Kunz v. DJO, LLC et al

Filing 38

ORDER Transferring Case to District of Arizona(Written Opinion). Signed by Senior Judge David S. Doty on 7/26/2010. (PJM) [Transferred from mnd on 7/27/2010.]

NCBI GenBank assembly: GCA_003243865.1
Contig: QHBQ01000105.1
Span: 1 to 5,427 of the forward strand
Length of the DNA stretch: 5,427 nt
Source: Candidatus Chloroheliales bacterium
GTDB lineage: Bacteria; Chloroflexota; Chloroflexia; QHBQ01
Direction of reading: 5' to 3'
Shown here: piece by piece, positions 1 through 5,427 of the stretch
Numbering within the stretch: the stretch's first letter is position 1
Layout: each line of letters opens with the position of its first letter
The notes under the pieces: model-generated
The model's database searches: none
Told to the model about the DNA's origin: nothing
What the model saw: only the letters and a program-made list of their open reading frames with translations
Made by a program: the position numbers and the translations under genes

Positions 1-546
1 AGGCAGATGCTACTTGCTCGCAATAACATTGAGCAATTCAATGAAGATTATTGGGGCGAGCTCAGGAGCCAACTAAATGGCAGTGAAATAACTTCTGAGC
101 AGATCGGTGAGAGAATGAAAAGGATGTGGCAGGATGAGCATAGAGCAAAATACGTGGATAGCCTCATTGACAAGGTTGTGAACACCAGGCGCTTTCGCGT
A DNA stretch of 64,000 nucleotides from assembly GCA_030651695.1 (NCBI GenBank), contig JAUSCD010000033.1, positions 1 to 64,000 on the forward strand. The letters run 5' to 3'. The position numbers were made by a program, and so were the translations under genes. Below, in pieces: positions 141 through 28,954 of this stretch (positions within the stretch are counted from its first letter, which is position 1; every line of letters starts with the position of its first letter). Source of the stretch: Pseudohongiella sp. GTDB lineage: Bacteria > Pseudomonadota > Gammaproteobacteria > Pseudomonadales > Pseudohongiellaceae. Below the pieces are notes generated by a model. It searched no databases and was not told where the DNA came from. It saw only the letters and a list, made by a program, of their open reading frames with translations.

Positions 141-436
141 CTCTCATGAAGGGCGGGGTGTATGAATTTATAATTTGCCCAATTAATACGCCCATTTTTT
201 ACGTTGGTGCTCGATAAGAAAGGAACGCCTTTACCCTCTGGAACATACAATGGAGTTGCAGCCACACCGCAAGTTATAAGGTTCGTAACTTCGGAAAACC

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Kunz v. DJO, LLC et al Doc. 38 UNITED STATES DISTRICT COURT DISTRICT OF MINNESOTA Civil No. 10-712(DSD/AJB) Joseph M. Kunz, Plaintiff, v. DJO, LLC, a Delaware Corporation, et al., Defendants. ORDER This matter is before the court upon the parties' responses1 to the court's June 10, 2010, order to brief the propriety of transferring this case pursuant to 28 U.S.C. 1404(a). Based on a review of the file, record and proceedings herein, the court transfers this case to the United States District Court for the District of Arizona. BACKGROUND This is one of thousands of product-liability actions filed in recent years in the District of Minnesota by plaintiffs who have no connection to Minnesota against defendants who have no connection to Minnesota regarding events that did not occur in Minnesota and Plaintiff Joseph M. Kunz asks the court to consider "an extensive brief" filed in a different case: Plaintiffs' Opposition to 28 U.S.C. 1404(a) Transfer, Powell v. I-Flow Corp. et al., No 10-CV-01984 (D. Minn. July 7, 2010) (Schiltz, J.) ("Pls.' Opp'n"). (See Pl's Br. [Doc. No. 35] 1.) Therefore, citations of "Pls.' Opp'n" in this order are of the brief and supporting document submitted in case number 10-CV-1984. 1 Dockets.Justia.com that had no impact within Minnesota. The vast majority of these actions have been filed in this district because, if they were filed by the plaintiffs in their home states (or almost anywhere else), they would be dismissed under the applicable statutes of limitations. The Minnesota Legislature has enacted unusually long statutes of limitations.2 Minnesota's statutes of limitations do not apply, however, to claims by nonresidents arising on or after August 1, 2004, that are based on the law of another state. See Minn. Stat. 541.31 subdiv. 1(a) ("If a claim is substantively based: (1) upon the law of one other state, the limitation period of that state applies; or (2) upon the law of more than one state, the limitations period of one of those states chosen by the law of conflict of laws of this state applies."); accord Fleeger v. Wyeth, 771 N.W.2d 524, 525 (Minn. 2009). This case is typical. Plaintiff Joseph M. Kunz ("Kunz") is a (Compl. 4.) citizen of Arizona and resides in Pennsylvania. Defendants DJO, LLC and DJO, Inc. (collectively "DJO") and I-Flow Corporation ("I-Flow") are Delaware corporations with their principal places of business in California. (Compl. 7, 9.) Kunz underwent shoulder surgeries in Arizona in 2005 (Compl. 5), and he now sues defendants for damage to his shoulder joints that See Minn. Stat. 541.05 (providing a six-year limitations period for negligence and fraud claims and a four-year period for strict-liability claims); Minn. Stat. 336.2-725 (providing a four-year limitations period for warranty claims). 2 2 allegedly resulted from the treatment of his postsurgical pain with pain pumps. DISCUSSION Section 1404(a) provides: "For the convenience of parties and witnesses, in the interest of justice, a district court may transfer any civil action to any other district or division where it might have been brought." 28 U.S.C. 1404(a). Cases transferred under 1404(a) retain the law of the transferor forum. See Ferens v. John Deere Co., 494 U.S. 516, 523 (1990) ( 1404(a) transfer Eggleton does v. not change & law applicable Export in Von diversity case); Plasser Theurer Bahnbaumaschinen Gesellschaft, MBH, 495 F.3d 582, 586 (8th Cir. 2007) (after 1404(a) transfer, "the transferee court applies the choice-of-law rules of the state in which the transferor court sits"). Deciding whether to transfer a case under 1404(a) "require[s] a case-bycase evaluation of the particular circumstances at hand and a consideration of all relevant factors." Terra Int'l, Inc. v. Miss. Chem. Corp., 119 F.3d 688, 691 (8th Cir. 1997). The relevant factors fall generally into three categories: (1) the convenience of the parties; (2) the convenience of the witnesses; and (3) the interests of justice. Id. There is, however, "no exhaustive list Id. of specific factors to consider ...." 3 The first two factors -- the convenience of the parties and the convenience of the witnesses -- overwhelmingly favor transfer. Because none of the parties is located in Minnesota, none of the relevant events occurred in Minnesota, none of the alleged injuries has been suffered in Minnesota, and none of the evidence is present in Minnesota, Minnesota does not appear to be convenient for anyone -- including Kunz, who lives in Pennsylvania. connection Minnesota.3 In resisting transfer, Kunz points to the deference that is normally afforded to a plaintiff's choice of forum. (See Pls.' to this lawsuit would be more Any state with any convenient than Opp'n 7 ("Plaintiffs have chosen to bring this action in the District of Minnesota, and the normal presumption favors the Plaintiffs' choice.").) It is true that, as a general rule, courts afford some deference to a plaintiff's choice of forum; as a practical matter, this means that a defendant seeking a transfer under 1404(a) bears the burden of showing that a transfer is warranted. Terra Int'l, 119 F.3d at 695. But this deference "is based on an assumption that the plaintiff's choice of forum will be Of course, a plaintiff can choose to inconvenience himself, and, if litigating in Minnesota were convenient for defendants and third-party witnesses, the court would not transfer the case solely to eliminate an inconvenience that Kunz wants to bear. Cf., e.g., CBS Interactive Inc. v. Nat'l Football League Players Ass'n, Inc., 259 F.R.D. 398, 409 (D. Minn. 2009). For the reasons described above, however, litigating in Minnesota would not be convenient for defendants or third-party witnesses. 4 3 a convenient one." 2010). In re Apple, Inc., 602 F.3d 909, 913 (8th Cir. When that assumption does not hold -- as here, where the plaintiff has chosen an inconvenient forum -- the plaintiff's choice of forum fades in importance. Indeed, the Eighth Circuit recently held in In re Apple that a plaintiff's choice of forum "was entitled to minimal weight in the 1404(a) determination" because there was "no relevant connection" between the plaintiff's chosen forum and the dispute or any of the parties or potential witnesses. Id. (emphasis added). Further, "the risk that the plaintiff chose the forum to take advantage of favorable law," rather than because the forum has a connection to the dispute, counsels against deferring to the plaintiff's choice of forum. Id. There is no doubt that Kunz filed this action in Minnesota "to take advantage" of what he believed to be "favorable law," and not because Minnesota has any connection to this dispute. Indeed, Kunz implicitly acknowledges as much by asking the court, if it transfers the case, to opine that the Minnesota statute of limitations will apply after the transfer. See (Pls.' Opp'n 17 ("Plaintiffs request that, should the Court order a transfer, the Court explicitly articulate in an order that the transfer will not displace the Minnesota statute of limitations.").)4 The court cannot render such an opinion, because the relevant question -- whether Minnesota law, which will travel with (continued...) 5 4 Because Kunz cannot credibly argue that Minnesota is a convenient forum, and because little or no deference is due his choice of forum under In re Apple, Kunz has little choice but to focus his opposition to a transfer on the interests of justice. This factor, however, also strongly favors transfer. This court has been inundated with product-liability actions that have little or no connection to Minnesota. No one can fault the plaintiffs who have brought these actions for seeking the potential advantage of Minnesota law. But such forum shopping nevertheless imposes heavy burdens on this court and diverts the court's limited resources away from litigants and cases that have connections to the District of Minnesota. In the past, the burden imposed on this district by these outof-state actions has been alleviated by the fact that most of them -- including, most significantly, thousands of hormone-replacement therapy cases -- have been consolidated into multi-district litigation ("MDL"). See In re Prempro Prods. Liab. Litig., MDL No. 1507 (JPML), No. 4:03-CV-1507-WRW (E.D. Ark.). on Multidistrict Litigation ("JPML") has The Judicial Panel twice declined to consolidate pain-pump cases into an MDL. See In re Ambulatory Pain Pump-Chondrolysis Prods. Liab. Litig., MDL No. 2139, 2010 WL 1790214 (JPML May 5, 2010); In re Shoulder Pain Pump-Chondrolysis (...continued) this case, would apply the Minnesota statute of limitations -- is not before the court. 6 4 Prods. Liab. Litig., 571 F. Supp. 2d 1367 (JPML 2008). The panel has found that the cases are too factually dissimilar to merit MDL treatment, and thus the burden of handling each of the dozens of pain-pump cases filed to date in this district will fall on the judges of this district. It in no way furthers the interests of justice for this district to keep numerous pain-pump cases with no connection to Minnesota and delay justice for residents of Minnesota and others who seek to litigate disputes that have a genuine connection to Minnesota. Kunz argues that keeping all of these pain-pump cases in Minnesota would further the interests of justice because the cases could be litigated more efficiently if they were all litigated in the same district. (See Pls.' Opp'n 45, 89.) By this logic, plaintiffs' lawyers could routinely force a de facto MDL on a district simply by filing enough similar cases in that district. This would allow plaintiffs' lawyers to sidestep the JPML and the MDL process -- the very mechanism that federal courts have implemented for handling mass-tort actions. Efficiency in litigation furthers the interests of justice, because efficiency frees up resources and thus speeds up the resolution of disputes. But the judicial efficiencies to be had in this litigation are modest, which is precisely why the JPML has twice refused to consolidate pain-pump cases into an MDL, and one of the reasons why pain-pump cases are no longer being transferred 7 to a single judge under this district's related-cases policy. Further, over time the parties and their attorneys, many of whom are likely to be repeat players in these cases, will realize efficiencies as they litigate pain-pump cases. The efficiencies realized if these cases are litigated in front of different judges in one district will differ only modestly from the efficiencies realized if these cases are litigated in front of different judges in different districts. Even if some additional judicial efficiencies might result as the judges of this district became familiar with the pain-pump cases, federal district courts are not specialist courts, and the federal courts thus routinely -- by design -- forgo efficiencies that might result from specialization. In opposing transfer, Kunz relies heavily on Ivey v. McKinley Medical, L.L.C., No. 08-6407, slip op. (D. Minn. Dec. 14, 2009), in which a judge of this district decided not to transfer a pain-pump case.5 For the reasons given above, the court respectfully disagrees with Ivey. Moreover, even if the court agreed with Ivey, a different outcome is required in this case because of In re Apple, which was decided by the Eighth Circuit four months after Ivey was issued.6 5 In re Apple held that a district court abused At the time, there was some hope that the pain-pump cases would be consolidated into an MDL. The court also notes that "section 1404(a) accords the district court much discretion in deciding" motions to transfer, and thus, even on identical facts, different courts may reasonably (continued...) 8 6 its discretion by refusing to transfer a case that had no relation to the district in which the case was filed. 602 F.3d at 916. Kunz's lawsuit has no more relation to the District of Minnesota than the lawsuit in In re Apple had to the Western District of Arkansas. For the same reasons that the Eighth Circuit ordered that In re Apple be transferred out of the Western District of Arkansas, the Eighth Circuit might very well order that Kunz's action be transferred out of the District of Minnesota. Therefore, for the convenience of the parties and in the interests of justice, transfer of this action to Arizona is warranted.7 CONCLUSION Accordingly, based on the above, IT IS HEREBY ORDERED that this action is transferred to the United States District Court for the District of Arizona. Dated: July 26, 2010 s/David S. Doty David S. Doty, Judge United States District Court (...continued) reach different decisions under 1404(a). F.3d at 697. 7 6 Terra Int'l, Inc., 119 Because the court transfers this action, it expresses no opinion on DJO's motion to dismiss [Doc. No. 17]. 9